Mark had been given the owner's suite, a room the size of our entire flat in Deptford, complete with white grand piano. The other rooms were not too shabby either. We hadn't come very well prepared for paradise, just one bottle of sun lotion for our four very white bodies. After supper under a domed ceiling of stars, we sat by the pool working our way through a bottle of rum, slightly overawed but enjoying our new environment. We ate and drank like kings while we were there, waited upon by the fantastic staff. The last time any of us had been in a pool, it was down at the municipal sports centre for swimming lessons as kids. A greater contrast with the Crossfields estate was hard to imagine.

We were in a good place in every sense. By now the first album was starting to sell well in a host of countries, and we were about to begin to go to work with a bunch of great new songs we had been playing on tour. We hadn't sought out paradise; we had parachuted into it and we treated the privilege with respect throughout our stay. No one drove a car into the pool or threw a piano out of a window.

Jerry and Barry flew in from the States the next day, followed soon after by their luggage and half a dozen aluminium cases that I assumed were full of musical equipment. But no, it was mostly food supplied by Jerry's butcher and deli in New York: pastries, pastrami, strip sirloins, chickens, salt beef and a lot of grits, a sort of porridge made of boiled cornmeal. Every Wednesday and Saturday Jerry and I would drive to the airport to collect fresh supplies. The provisions must have cost more than the villa, and we figured that this expense was probably going to be coming off our deal. Learning yet again about the culture of the music industry.

'You guys gotta eat properly when you're working!' Jerry kept saying.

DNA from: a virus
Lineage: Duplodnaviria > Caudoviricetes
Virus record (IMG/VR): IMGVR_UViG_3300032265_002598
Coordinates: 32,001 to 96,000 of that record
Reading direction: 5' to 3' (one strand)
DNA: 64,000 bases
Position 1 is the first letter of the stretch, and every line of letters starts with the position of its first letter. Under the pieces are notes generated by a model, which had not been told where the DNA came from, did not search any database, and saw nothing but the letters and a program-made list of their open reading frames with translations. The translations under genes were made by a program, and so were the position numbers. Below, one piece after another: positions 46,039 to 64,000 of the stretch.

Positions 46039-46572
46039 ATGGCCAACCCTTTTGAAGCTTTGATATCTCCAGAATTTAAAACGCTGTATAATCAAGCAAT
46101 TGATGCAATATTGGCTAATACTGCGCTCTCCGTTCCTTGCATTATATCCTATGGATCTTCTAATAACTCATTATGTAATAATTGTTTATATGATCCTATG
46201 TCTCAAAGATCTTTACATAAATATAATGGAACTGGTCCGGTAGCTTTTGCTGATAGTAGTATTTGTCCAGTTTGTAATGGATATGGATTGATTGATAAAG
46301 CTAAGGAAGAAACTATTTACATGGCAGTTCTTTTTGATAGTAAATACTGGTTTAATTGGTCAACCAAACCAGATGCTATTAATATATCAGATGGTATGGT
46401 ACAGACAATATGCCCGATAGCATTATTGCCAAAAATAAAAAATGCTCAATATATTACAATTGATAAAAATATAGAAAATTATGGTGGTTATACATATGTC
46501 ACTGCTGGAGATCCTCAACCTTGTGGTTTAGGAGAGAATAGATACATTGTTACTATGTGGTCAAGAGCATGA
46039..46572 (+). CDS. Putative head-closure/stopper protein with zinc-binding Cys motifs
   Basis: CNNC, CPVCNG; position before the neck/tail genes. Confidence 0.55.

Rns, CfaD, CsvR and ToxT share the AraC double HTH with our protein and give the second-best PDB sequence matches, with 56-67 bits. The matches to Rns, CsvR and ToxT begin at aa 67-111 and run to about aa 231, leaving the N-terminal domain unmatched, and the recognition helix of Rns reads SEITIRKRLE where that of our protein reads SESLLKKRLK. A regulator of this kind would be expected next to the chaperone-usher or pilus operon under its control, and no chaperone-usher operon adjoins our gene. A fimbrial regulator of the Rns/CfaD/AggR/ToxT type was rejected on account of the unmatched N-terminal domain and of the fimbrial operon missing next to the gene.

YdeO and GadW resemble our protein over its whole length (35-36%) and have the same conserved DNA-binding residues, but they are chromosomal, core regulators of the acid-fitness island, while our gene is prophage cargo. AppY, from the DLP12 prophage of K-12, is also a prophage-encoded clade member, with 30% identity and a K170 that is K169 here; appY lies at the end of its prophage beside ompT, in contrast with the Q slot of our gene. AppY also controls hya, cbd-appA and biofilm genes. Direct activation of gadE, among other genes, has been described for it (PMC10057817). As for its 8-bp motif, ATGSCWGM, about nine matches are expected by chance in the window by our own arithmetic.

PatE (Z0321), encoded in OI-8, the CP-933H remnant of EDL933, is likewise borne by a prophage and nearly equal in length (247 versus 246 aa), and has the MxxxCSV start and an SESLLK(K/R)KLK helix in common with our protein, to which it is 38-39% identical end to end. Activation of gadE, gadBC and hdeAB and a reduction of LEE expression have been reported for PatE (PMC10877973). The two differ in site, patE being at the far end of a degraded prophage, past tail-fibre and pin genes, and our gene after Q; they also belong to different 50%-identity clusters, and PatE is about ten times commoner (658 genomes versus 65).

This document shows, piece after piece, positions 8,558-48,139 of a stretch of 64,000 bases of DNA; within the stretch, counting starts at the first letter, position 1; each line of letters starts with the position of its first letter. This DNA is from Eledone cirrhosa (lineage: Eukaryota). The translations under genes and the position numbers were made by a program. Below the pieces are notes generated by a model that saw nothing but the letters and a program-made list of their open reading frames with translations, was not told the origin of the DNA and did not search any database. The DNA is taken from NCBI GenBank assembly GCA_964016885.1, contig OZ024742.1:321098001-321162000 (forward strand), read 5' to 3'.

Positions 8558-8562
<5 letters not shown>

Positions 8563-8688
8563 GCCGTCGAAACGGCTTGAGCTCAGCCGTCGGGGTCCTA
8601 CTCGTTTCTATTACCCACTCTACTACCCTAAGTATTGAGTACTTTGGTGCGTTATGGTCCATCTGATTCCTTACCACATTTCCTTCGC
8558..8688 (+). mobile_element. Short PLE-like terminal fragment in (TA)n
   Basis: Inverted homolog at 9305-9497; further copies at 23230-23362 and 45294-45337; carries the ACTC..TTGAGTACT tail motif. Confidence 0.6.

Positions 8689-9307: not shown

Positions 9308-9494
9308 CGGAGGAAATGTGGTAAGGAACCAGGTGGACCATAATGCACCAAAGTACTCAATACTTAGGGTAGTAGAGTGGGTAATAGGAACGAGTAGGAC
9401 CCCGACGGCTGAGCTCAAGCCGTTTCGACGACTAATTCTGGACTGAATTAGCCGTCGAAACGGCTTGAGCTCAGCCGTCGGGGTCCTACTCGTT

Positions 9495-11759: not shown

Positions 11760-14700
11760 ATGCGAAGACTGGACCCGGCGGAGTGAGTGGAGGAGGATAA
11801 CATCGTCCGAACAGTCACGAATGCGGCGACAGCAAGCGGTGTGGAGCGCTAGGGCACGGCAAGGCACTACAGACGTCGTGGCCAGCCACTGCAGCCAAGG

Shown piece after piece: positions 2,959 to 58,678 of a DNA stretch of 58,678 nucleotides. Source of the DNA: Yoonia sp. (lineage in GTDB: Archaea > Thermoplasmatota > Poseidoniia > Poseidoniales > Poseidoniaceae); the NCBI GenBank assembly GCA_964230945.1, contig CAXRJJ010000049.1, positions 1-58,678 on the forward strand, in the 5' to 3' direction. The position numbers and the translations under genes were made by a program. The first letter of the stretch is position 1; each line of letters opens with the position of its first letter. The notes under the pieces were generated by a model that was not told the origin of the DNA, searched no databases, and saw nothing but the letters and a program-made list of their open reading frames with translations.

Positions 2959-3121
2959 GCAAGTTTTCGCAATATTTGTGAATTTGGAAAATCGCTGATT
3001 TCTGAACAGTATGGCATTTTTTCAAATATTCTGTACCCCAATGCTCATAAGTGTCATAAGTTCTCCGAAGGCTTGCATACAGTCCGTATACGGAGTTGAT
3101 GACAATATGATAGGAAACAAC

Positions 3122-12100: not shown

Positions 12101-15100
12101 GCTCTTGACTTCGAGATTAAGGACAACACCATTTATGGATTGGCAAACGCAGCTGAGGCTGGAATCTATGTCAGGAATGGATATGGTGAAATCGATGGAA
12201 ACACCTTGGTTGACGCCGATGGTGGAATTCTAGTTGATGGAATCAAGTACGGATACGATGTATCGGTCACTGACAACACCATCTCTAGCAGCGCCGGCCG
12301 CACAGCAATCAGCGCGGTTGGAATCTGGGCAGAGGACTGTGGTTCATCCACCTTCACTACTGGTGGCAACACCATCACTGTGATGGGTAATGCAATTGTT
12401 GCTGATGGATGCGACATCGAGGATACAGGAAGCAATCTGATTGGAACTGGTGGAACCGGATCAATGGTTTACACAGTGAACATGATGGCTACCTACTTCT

Ernest Hemingway - that was my first impression on meeting Jerry Wexler - but a whole lot friendlier. He was a big, cuddly bear of a man, and in between mouthfuls of food - he loved his food - the stories flowed out of him, keeping us royally entertained every meal around the big table under the painted stars. His daily breakfast of eggs and grits appeared to be his favourite meal of the day, the grits flying over the table as he regaled us with stories and roared with laughter.

Barry Beckett was a gentle giant, one of those guys you just take to straight away. Mark had met him with Ed in Muscle Shoals and they'd hit it off at once. He was something of a gourmand too, his favourite food being a 28-ounce ribeye. Barry was a fine keyboard player, a memeber of the fabled Muscle Shoals Rhythm Section, who had played with, produced and engineered many great musicians and bands. It was a privilege to be working with Barry and Jerry. Ed and Mark had learned in Muscle Shoals that Jerry was no fool when it came to business. Trying his luck in the negotiations for the deal, Jerry claimed he should be entitled to a percentage point of the sales for the first album and for the third, the one after Communiqué, arguing that sales of both would be boosted by the fact that he had produced the one in between. Ed was having none of that, and I'd love to have seen his face and heard his response when Jerry laid out his reasoning.

Work began the next day. The schedule Jerry had set up was breakfast at nine, into the studio for a ten-thirty start, break for lunch (very important), finish up at seven, back for a swim and a drink and supper (even more important). That was our Groundhog Day for a month. There was only one problem: we had no kit, apart from our instruments. Every day, we asked the girl on reception whether it had been shipped, and she shook her head and apologized. Three weeks in, another girl was sitting in for her and we asked again. 'Sure, it's just down that corridor,' she said, beaming.

'Brilliant! When did it arrive?'

'A couple of days before you guys.'